Who is Jovita Idár? Google Doodle Celebrates Mexican-American Civil Rights Pioneer

Jovita Idár, a pioneer of Mexican-American civil rights, is celebrated in today's Google Doodle, on the anniversary of the week the First Mexican Congress was held, September 14—22, 1911.

Born in the border city of Laredo, Texas, in 1885, Jovita Idár lived at a time when Mexican-Americans faced rampant discrimination.

But Idár was determined to stand up for her community, so became a teacher in 1903, later resigning due to the segregation and the poor conditions that Mexican-American students faced.

Idár then joined her father's influential activist newspaper, La Crónica (The Chronicle). In her articles, Idár wrote about the discrimination they faced, fought for women's suffrage, and affirmed the importance of Mexican culture.

Jovita Idar Google Doodle
Jovita Idár, a Mexican-American civil rights pioneer, is celebrated in today's Google Doodle on the anniversary of the week the First Mexican Congress held September 14 to 22, 1911. Google Doodle

In 1911, Idár and her family helped establish the First Mexican Congress to organize Mexican-Americans across Texas in the fight for their civil rights.

Idár then founded the feminist organization League of Mexican Women and served as its president. The groundbreaking organization united women around the educational, social, and political issues facing the Mexican-American community.

Then, Idár headed to Mexico to take care of the injured during the Mexican Revolution, serving as a nurse before joining La Cruz Blanca, a group similar to the Red Cross.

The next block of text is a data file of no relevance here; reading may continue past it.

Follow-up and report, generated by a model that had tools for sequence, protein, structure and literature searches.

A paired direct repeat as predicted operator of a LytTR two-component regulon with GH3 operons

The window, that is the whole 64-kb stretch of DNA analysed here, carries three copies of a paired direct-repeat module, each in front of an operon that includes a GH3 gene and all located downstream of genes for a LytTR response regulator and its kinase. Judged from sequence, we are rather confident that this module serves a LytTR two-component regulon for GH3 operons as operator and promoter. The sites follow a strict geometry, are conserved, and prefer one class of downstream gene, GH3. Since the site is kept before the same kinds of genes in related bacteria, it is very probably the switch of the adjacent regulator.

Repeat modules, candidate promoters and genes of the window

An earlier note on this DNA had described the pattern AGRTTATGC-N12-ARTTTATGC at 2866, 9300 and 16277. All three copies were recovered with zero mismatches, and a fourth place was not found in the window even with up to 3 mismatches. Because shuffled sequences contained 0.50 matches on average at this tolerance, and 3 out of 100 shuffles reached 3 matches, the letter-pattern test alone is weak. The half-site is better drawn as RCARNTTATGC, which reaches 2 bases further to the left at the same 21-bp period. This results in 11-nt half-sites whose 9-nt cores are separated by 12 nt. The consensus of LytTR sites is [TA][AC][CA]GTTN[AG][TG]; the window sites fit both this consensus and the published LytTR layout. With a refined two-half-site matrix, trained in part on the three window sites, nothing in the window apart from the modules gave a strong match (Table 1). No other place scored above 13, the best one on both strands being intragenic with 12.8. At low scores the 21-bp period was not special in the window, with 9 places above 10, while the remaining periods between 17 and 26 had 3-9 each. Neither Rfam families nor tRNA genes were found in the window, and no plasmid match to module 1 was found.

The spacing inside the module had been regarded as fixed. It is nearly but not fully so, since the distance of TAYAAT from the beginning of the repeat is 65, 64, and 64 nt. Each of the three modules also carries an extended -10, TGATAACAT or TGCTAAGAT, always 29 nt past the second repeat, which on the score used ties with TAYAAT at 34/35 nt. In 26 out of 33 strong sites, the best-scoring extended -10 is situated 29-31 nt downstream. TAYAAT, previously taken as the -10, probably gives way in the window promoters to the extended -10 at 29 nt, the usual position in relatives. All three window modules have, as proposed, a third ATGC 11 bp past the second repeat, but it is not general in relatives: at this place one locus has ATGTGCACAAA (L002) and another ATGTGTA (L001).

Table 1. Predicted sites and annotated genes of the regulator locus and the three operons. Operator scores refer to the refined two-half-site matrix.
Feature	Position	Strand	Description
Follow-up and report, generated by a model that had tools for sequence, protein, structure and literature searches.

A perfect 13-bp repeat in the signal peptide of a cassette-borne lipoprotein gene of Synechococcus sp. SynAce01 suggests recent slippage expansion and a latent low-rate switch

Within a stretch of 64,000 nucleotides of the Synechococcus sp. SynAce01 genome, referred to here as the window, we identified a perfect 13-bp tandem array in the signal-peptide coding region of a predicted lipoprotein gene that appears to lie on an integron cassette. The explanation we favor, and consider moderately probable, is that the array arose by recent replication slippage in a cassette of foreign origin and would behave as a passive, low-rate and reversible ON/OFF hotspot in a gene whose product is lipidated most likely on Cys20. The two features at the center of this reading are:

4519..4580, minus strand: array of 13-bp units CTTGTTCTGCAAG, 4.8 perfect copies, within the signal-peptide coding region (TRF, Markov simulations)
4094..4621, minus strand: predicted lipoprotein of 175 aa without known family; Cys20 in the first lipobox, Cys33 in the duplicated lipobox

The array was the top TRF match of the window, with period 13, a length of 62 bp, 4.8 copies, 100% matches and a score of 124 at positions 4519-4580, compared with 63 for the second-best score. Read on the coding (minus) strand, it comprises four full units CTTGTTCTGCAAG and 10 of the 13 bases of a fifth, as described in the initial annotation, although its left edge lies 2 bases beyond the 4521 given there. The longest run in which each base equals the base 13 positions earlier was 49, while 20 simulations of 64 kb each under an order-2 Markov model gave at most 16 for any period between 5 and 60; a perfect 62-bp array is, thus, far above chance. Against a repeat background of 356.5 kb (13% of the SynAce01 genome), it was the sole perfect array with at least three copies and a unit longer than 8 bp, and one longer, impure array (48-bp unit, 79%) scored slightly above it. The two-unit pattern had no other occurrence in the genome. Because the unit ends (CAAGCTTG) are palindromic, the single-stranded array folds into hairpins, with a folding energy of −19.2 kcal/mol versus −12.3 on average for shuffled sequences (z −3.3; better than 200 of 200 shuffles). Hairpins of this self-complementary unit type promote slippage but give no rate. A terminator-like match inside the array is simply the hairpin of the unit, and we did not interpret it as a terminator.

In 1914, Idár continued her journalism career at El Progreso (The Progress) newspaper, where she criticized the U.S. army's involvement in the Mexican Revolution.

This resulted in the Texas Rangers attempting to shut the newspaper down, but when the officers rode up to the office, Idár stood in their way, forcing them to turn back. This powerful scene is recreated in today's Google Doodle, which sees Idár in a stand-off against the rangers, as she guards the newspaper.

However, the rangers returned the next day and shut down the El Progreso. Idár refused to be silenced though and returned to La Crónica, eventually running the paper with her brothers and using it as a platform in her pursuit for justice.

In 1917, Idár and her husband moved to San Antonio, Texas where she became a leader of the city's community. She opened a free kindergarten, worked as a Spanish translator at a hospital, and taught childcare and feminine hygiene. Women's education was especially important for Idár, who often said: "Educate a woman and you educate a family."

In relation to today's doodle, Google says: "Gracias, Jovita Idár, for dedicating your life to the pursuit of equality and justice."

Who is Jovita Idár? Google Doodle Celebrates Mexican-American Civil Rights Pioneer | U.S.